Is it worth the hefty price tag?
Gotcha Force was critically panned when it first released in 2003, but since then has garnered a cult following. But despite this conflicting opinions, should you play it today?
We take a look back to find out if it’s bad, so bad it’s good, or a real hidden gem.
Hey how’s it going guys, this is Tom from UDS and welcome to a brand new series where we look at games that were mauled by critics, but in actual fact, we enjoyed a whole bunch. Whether they’re so bad they’re good, or genuinely under-appreciated hidden gems, we think it’s about time they get the spotlight they deserve.
Based on aggregate review scores, we’re going to throw ourselves directly onto the controversy bonfire, and tell you what you really missed out on if you listened to the critics of yesteryear. Lastly before we start, don’t forget to like, hit the bell and subscribe for plenty more video game content every single week and let me know what your favourite underrated games are in the comments below.
Our first game is Gotcha Force, released in 2003 by Capcom. Ostensibly a third person action game, the game consists primarily of collecting gacha toys and battling with them.
As for a quick summary of the plot, you play as a child named Kou, who finds a little robot called G-Red, before being attacked by an evil gang of Borgs called Death Force. Like any good pre-teen protagonist, it’s not long before you have to form the Gotcha Force, a gang of you and your friends who have to defeat Death Force’s leader, the Galactic Emperor and ultimately save the Earth.
Sitting at a middling 56/100 on Metacritic, the general consensus of Gotcha Force on release appeared to be that of an inconsistent mish-mash of existing IP’s and repetitive gameplay loops. In the years since, it’s established itself as one of the many overlooked cult titles of the Gamecube era, going for fairly big bucks on auction sites across the internet.
In the defence of 2003/4 games journalists across the globe, they weren’t entirely wrong in their estimation of what was on offer here. The game seemed to borrow a lot of basic elements from all over the place; little robots from outer space need YOUR help to stop an invading force that’s now threatening planet Earth (à la Transformers, only much, much smaller). Seemingly half inspired by the smattering of “gotta catch ‘em all” style titles that were all the rage only a few years prior, and the other half by Capcom’s own, then recently established, Megaman Battle Network series in it’s style, Gotcha Force had a lot of other people’s work to thank for it’s backbone.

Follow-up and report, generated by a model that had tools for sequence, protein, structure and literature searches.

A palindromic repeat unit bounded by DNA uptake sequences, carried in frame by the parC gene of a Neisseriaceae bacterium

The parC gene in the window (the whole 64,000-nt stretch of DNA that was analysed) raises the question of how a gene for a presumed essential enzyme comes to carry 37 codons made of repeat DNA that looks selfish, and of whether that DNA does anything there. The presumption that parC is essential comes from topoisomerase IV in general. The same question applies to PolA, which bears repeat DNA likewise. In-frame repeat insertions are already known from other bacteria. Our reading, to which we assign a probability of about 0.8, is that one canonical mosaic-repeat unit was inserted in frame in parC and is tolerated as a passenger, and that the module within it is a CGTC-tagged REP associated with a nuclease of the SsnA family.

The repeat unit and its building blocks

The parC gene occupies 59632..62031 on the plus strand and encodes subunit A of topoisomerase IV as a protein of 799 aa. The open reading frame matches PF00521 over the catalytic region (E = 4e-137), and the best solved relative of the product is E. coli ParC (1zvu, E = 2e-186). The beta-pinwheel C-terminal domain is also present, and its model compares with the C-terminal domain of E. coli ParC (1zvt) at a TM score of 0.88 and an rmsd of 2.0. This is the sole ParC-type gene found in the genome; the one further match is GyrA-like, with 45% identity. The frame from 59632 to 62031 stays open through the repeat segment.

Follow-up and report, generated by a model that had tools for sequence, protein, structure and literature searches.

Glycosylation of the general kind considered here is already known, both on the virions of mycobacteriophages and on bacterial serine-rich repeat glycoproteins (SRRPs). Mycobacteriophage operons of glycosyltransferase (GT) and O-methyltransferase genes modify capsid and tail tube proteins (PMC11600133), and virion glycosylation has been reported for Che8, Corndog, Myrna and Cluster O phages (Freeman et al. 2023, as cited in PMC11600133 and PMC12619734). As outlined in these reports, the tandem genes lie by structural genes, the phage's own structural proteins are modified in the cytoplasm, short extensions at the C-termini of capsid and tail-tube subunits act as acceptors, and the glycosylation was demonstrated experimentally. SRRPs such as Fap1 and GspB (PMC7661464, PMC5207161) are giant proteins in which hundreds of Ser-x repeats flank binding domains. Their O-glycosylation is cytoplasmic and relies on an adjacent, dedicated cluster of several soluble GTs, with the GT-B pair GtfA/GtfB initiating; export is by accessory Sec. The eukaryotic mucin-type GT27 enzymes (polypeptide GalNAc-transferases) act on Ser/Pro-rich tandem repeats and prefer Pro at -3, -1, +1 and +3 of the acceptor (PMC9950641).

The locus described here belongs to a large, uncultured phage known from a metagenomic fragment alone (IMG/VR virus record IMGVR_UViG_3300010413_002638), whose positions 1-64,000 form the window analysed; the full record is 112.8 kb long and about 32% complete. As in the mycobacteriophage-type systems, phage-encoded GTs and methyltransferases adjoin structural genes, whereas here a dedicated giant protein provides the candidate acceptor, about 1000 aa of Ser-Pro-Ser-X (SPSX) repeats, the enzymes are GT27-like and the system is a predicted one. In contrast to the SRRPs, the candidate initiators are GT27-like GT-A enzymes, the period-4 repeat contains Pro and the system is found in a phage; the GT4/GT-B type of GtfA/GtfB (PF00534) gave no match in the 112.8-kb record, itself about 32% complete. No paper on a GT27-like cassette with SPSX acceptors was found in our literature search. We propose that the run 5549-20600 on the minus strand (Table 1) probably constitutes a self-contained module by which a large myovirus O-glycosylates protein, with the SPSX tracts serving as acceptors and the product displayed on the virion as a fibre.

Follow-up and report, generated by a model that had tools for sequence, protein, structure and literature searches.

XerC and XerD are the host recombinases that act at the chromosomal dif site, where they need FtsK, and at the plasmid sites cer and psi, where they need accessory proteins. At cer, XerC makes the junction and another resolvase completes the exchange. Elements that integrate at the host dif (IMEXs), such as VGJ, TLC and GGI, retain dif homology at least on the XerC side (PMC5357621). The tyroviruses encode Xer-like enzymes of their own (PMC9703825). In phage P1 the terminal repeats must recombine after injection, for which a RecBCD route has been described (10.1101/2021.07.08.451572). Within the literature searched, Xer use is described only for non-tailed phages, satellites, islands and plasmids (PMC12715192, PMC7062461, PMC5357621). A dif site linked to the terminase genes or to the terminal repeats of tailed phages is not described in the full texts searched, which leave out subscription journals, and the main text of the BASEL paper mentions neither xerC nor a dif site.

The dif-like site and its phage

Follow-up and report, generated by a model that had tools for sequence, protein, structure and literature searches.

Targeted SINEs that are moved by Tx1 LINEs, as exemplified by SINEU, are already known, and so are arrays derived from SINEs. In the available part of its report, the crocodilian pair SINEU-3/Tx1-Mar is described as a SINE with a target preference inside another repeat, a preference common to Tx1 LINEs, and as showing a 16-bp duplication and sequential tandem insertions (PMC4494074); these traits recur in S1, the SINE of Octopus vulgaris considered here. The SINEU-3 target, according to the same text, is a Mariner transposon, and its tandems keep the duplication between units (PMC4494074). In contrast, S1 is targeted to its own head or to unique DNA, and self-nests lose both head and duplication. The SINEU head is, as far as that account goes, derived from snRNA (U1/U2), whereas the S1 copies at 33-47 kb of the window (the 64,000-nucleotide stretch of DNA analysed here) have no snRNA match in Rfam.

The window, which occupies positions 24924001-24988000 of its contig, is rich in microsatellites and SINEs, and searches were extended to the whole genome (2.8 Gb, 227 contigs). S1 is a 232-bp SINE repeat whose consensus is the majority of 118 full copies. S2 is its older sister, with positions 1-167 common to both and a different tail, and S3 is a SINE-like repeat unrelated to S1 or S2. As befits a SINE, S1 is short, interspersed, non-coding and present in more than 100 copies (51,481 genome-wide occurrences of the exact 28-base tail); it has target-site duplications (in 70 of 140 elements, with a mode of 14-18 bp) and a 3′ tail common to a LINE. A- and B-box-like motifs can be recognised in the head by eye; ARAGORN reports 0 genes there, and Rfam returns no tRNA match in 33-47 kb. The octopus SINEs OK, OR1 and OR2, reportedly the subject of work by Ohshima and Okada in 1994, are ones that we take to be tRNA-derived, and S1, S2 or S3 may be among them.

There’s a constant, pervading feeling that Capcom was wishing for this to be something bigger than it would ever become ingrained into almost every facet of the game. Their clear desire for this to sell merchandise loomed over you perpetually, but unfortunately for Capcom, the game just didn’t sell that well and was considered a big flop. No sequel, no accompanying anime, and (according to my brief research on the subject) virtually no toys.
But the game was fun! There’s not a whole lot of downtime between missions, the action is snappy and energetic, and the style is cute and colourful – the weak links are the story, and lack of other things to do. This is a fairly impressive game for 2003 as far as I’m concerned, and it’s a bit of a shame that there’s not been any news on the series since.
But what did you think of Gotcha Force? Did you play it at the time, or did you remortgage your house to buy it more recently? Please let me know in the comments below, I’d love to read your thoughts. And while you’re down there, don’t forget to subscribe for more videos every single week, and visit upsidedownshark.com to read the article that inspired this series. I’ll put a link in the description.
But until then my name is Tom, this has been UDS and we’ll see you next time.